Sushi of Shiori: a little slice of sushi perfection
Great sushi is not easy to find in London. With outlets of Itsu and Wasabi on every other street corner flogging the same ol’ mass-produced Salmon Nigri, there’s little room left in the market for truly authentic sushi bars that are willing to serve top-grade fish at reasonable prices. However, if you look hard enough on a rather unremarkable street just north of Euston Square, what you will stumble upon is the teeniest tiniest of places where you will find a little slice of sushi perfection.
Run single-handedly by one man behind the counter with his wife assisting with front of house, Sushi of Shiori looks more low-key takeaway outfit than premium sushi bar. But don’t let appearances fool you. Although it can only accommodate a total of 8 covers at most (3 at the bar, another 4-5 on 2 small side tables), what we experienced on our recent visit was some of the finest sushi in all of London.
As soon you enter, you will be welcomed by the chef’s wife with such warmth you will feel like you are in their family home. I sometimes can grow tired when I’m sat at the sushi counter, having to watch a chef churn out dish after dish. Not this guy though. When you’re witnessing such focus, precision and tender loving care in the preparation of your sushi, it’s arguably almost as satisfying as the eating part itself.
Given we only booked on the fly for the day itself, we missed out on their Omakase ‘chef’s selection’ menus which require at least 24 hours pre-notice. You pay for what you get on these and depending on how deep you’re willing to dig into your pockets (£40, £50 or £70), the higher the quality of the ingredients and grade of the sashimi the chef will serve you. Judging from how much neighbouring diners were enjoying their multi-course feast, we’re already plotting a return visit.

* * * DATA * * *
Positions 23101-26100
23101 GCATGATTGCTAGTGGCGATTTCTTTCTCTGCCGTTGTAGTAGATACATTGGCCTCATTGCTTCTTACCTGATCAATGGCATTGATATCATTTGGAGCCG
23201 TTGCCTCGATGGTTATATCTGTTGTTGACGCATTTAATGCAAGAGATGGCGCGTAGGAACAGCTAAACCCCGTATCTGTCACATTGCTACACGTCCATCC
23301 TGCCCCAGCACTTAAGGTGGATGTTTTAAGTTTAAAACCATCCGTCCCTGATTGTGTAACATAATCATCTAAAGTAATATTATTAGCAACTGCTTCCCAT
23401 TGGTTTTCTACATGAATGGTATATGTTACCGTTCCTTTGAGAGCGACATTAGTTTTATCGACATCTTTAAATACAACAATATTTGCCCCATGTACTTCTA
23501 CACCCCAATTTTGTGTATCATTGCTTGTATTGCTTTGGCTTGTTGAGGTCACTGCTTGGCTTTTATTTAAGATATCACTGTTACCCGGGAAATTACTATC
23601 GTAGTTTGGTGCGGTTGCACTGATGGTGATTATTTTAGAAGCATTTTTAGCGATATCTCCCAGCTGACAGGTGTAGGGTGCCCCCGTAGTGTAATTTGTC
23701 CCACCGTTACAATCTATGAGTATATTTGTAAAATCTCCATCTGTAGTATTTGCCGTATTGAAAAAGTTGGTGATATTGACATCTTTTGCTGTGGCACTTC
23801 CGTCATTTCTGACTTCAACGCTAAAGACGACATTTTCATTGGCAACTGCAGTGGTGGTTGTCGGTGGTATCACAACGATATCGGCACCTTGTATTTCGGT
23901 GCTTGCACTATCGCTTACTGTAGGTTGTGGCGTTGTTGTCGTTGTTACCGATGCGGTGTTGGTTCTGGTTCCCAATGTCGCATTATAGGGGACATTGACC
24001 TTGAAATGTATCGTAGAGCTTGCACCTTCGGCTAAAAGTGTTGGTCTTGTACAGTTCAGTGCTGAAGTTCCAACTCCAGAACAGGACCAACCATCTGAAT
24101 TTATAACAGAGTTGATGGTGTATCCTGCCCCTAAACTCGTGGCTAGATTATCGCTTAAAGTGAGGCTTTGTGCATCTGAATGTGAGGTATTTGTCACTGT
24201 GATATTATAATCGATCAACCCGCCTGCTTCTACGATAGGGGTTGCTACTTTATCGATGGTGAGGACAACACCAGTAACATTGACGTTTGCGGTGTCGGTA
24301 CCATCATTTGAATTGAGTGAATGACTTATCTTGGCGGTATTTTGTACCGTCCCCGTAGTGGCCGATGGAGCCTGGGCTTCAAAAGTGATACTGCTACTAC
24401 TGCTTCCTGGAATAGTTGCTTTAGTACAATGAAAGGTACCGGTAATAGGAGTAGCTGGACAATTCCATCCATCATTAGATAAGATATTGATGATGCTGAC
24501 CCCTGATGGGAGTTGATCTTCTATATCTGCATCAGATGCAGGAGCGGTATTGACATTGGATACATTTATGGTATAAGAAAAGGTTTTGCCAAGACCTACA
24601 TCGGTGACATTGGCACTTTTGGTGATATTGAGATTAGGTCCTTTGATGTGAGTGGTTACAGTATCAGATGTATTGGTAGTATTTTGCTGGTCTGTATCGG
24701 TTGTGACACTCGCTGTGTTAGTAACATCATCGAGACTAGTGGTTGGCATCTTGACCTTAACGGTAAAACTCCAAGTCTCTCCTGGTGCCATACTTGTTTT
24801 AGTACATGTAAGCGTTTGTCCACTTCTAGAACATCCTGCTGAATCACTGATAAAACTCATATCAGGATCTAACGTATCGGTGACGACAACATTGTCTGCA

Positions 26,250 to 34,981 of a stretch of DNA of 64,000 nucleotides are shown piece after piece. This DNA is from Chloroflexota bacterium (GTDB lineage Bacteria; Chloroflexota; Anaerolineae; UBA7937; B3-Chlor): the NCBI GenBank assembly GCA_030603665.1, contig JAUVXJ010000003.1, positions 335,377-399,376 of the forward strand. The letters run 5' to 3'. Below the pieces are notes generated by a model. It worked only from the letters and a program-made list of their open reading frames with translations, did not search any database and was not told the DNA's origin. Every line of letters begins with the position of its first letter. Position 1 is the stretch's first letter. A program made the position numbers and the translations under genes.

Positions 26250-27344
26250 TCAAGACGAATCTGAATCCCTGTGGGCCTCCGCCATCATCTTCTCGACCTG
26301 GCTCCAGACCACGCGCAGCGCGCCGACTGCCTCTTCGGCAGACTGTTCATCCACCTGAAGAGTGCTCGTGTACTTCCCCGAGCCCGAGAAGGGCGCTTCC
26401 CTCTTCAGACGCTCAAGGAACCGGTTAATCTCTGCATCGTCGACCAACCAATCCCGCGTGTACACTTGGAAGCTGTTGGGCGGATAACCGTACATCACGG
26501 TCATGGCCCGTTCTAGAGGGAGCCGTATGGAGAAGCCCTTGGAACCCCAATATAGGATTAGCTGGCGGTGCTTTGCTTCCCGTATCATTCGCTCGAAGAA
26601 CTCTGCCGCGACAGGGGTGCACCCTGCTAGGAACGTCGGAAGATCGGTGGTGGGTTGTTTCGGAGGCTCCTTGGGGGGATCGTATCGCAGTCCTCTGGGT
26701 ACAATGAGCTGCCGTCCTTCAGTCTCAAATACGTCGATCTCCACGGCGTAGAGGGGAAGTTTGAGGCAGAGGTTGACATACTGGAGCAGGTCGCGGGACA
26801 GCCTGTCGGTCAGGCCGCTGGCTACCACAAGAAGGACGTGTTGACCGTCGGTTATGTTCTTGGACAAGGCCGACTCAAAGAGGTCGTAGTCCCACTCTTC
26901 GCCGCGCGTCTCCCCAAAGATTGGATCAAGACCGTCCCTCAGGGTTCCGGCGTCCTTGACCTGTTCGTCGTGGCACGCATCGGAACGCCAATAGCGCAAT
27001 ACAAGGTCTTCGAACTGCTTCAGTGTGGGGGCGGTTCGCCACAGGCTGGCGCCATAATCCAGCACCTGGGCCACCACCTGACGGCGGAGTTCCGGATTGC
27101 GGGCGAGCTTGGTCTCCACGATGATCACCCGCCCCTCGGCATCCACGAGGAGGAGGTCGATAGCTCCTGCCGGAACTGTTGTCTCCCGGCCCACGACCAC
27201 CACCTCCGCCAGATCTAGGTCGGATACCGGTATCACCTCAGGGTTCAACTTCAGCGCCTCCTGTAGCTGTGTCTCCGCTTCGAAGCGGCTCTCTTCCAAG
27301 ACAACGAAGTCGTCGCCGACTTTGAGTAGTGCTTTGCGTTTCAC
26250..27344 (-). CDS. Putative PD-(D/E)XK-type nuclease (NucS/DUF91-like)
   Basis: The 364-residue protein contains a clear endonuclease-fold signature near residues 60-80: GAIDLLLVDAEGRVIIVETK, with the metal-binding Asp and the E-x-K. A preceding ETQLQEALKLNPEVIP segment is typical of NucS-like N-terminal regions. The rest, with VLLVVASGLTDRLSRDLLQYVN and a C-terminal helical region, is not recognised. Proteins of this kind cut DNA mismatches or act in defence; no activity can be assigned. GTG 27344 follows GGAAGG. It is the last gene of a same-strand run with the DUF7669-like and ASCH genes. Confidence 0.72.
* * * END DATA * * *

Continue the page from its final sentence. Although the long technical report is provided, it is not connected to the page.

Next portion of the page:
Seabass sashimi with salmon roe, shiso, rice crackers in a ponzu dressing (£4)
So the A la Carte menu it was. We kicked off with one of their daily specials – a starter of fresh seabass slices and fish roe dressed in a light ponzu-flavoured vinaigrette. The sashimi was fresh and velvety… the rich flavour from the fish roe well balanced by the citrusy vinaigrette. What was particularly nice was the crunch from the little balls of rice crackers and minty shiso leaves. If I had one gripe, it would be size. They could have shown a little bit more love portion-wise.
Then came their signature Shiori Plate – the Rolls-Royce of all sushi platters. And although the chef’s wife took the time to explain what every single item was, I was so busy staring at the intricate beauty of the perfectly formed nigiri in front of us that I frankly lost track after the first few explanations and felt a little embarrassed to make her repeat it all again. I’m sure I heard the words Chu Toro (fatty tuna), Hirame (turbot) and Crystal Bay Prawns amongst others. What I loved most was the painstaking attention to detail of the toppings… everything from fresh ginger to grated white radish to shavings of summer truffle. With sushi this good, dunking the rice side into soya sauce was clearly a crime. Instead, we were given a delicate pastry brush and instructed to paint the fish side of the nigiri with soya sauce to taste. Each mouthful was one that you wanted to savour forever. And can I just say, what a world of difference having just the right amount of soya sauce makes!